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Principal reduction still alive in robo-signing settlement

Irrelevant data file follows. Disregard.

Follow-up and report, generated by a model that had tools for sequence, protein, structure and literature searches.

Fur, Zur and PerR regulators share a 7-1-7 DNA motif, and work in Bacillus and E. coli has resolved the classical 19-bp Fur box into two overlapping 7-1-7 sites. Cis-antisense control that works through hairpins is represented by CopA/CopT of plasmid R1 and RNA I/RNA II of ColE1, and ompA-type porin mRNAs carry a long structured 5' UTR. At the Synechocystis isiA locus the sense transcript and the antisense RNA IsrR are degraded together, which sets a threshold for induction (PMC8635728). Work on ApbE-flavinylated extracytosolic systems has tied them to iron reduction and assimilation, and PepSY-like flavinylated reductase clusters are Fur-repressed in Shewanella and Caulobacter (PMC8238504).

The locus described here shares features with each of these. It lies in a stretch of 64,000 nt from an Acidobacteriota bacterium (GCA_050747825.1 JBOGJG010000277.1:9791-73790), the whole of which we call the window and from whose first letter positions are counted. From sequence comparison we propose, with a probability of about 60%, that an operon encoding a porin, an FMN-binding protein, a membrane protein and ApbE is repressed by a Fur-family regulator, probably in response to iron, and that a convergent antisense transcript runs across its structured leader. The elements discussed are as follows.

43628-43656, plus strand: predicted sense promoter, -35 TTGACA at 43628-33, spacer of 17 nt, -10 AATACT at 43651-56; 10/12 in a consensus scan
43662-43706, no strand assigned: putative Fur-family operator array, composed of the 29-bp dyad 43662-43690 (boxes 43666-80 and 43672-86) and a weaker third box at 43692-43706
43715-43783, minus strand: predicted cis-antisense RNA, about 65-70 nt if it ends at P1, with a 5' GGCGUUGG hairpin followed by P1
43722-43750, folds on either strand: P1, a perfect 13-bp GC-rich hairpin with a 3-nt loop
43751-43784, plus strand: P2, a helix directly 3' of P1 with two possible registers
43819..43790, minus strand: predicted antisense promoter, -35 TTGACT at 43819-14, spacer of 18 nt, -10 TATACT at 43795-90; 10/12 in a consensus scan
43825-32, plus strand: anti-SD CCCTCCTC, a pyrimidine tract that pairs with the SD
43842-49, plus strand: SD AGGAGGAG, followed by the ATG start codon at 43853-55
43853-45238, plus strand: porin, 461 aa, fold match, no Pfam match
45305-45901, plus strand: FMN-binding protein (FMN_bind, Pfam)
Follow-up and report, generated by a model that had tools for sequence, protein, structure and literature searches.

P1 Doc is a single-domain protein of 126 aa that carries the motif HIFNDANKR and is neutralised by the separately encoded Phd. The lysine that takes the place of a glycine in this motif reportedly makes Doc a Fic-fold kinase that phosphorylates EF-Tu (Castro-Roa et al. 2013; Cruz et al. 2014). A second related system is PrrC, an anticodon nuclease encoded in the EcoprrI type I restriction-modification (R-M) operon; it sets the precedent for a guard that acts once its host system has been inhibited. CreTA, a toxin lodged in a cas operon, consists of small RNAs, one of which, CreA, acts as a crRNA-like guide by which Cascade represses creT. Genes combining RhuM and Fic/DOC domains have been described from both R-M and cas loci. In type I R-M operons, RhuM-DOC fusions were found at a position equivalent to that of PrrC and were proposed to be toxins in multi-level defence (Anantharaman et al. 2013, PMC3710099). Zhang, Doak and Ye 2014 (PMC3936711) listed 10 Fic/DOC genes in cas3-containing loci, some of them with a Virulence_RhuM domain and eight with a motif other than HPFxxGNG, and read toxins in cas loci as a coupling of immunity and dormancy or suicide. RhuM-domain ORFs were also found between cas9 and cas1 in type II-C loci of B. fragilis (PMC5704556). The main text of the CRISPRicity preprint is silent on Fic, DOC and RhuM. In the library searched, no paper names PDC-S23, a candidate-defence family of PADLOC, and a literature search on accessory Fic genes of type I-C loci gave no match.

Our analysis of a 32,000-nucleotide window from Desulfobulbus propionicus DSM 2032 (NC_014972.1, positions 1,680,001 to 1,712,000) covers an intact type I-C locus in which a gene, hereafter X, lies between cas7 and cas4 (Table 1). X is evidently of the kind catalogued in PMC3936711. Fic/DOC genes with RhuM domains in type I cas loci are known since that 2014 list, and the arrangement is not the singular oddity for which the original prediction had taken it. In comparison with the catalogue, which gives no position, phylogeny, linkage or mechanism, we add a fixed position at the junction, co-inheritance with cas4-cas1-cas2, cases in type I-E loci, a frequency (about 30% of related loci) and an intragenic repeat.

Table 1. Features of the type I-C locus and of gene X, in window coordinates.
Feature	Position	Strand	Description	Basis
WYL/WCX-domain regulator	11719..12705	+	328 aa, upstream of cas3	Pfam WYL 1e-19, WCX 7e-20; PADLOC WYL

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Homeowners hurt by faulty foreclosure practices by the largest mortgage servicers may still get a principal reduction under one potential settlement with the state attorneys general, according to a source familiar with the talks. The 50 state AGs launched an investigation one year ago when servicers were found to be forging signatures and filing faulty affidavits in state courthouses across the country. A recent proposal in the settlement talks would force the banks to provide refinancing for underwater borrowers, who are also current on their loan. This new proposal would not take the place of a plan that would use funds from the fine amount to write down principal for some affected borrowers, according to the source, who was not authorized to speak publicly and requested confidentiality. "The refi plan is in addition to principal reduction, which is still very much a part of this," the source said. The settlement talks bogged down late in the summer when some AGs grew unhappy about releasing the banks from other liabilities such as harmful securitization practices and alleged documentation problems at Mortgage Electronic Registration Systems. Some, including the foreclosure saturated states New York and California split off to pursue their own investigations. The Nevada AG is currently pursuing criminal actions against the servicers, and the Massachusetts AG is drawing up plans to go after MERS. Top Republican AGs railed against the investigation from the start, claiming such a crackdown was beyond the powers of their offices and should be resolved by state and federal regulators. Borrowers in states such as Texas and Florida may not have access to the principal reduction and refinancing offers as these AGs have said such an agreement would only promote strategic default. But Iowa AG Tom Miller pressed on, asserting in a recent letter the end settlement, which could come with a fine as high as $25 billion, would be narrow and focused on servicing mistakes. Write to Jon Prior. Follow him on Twitter @jonaprior.

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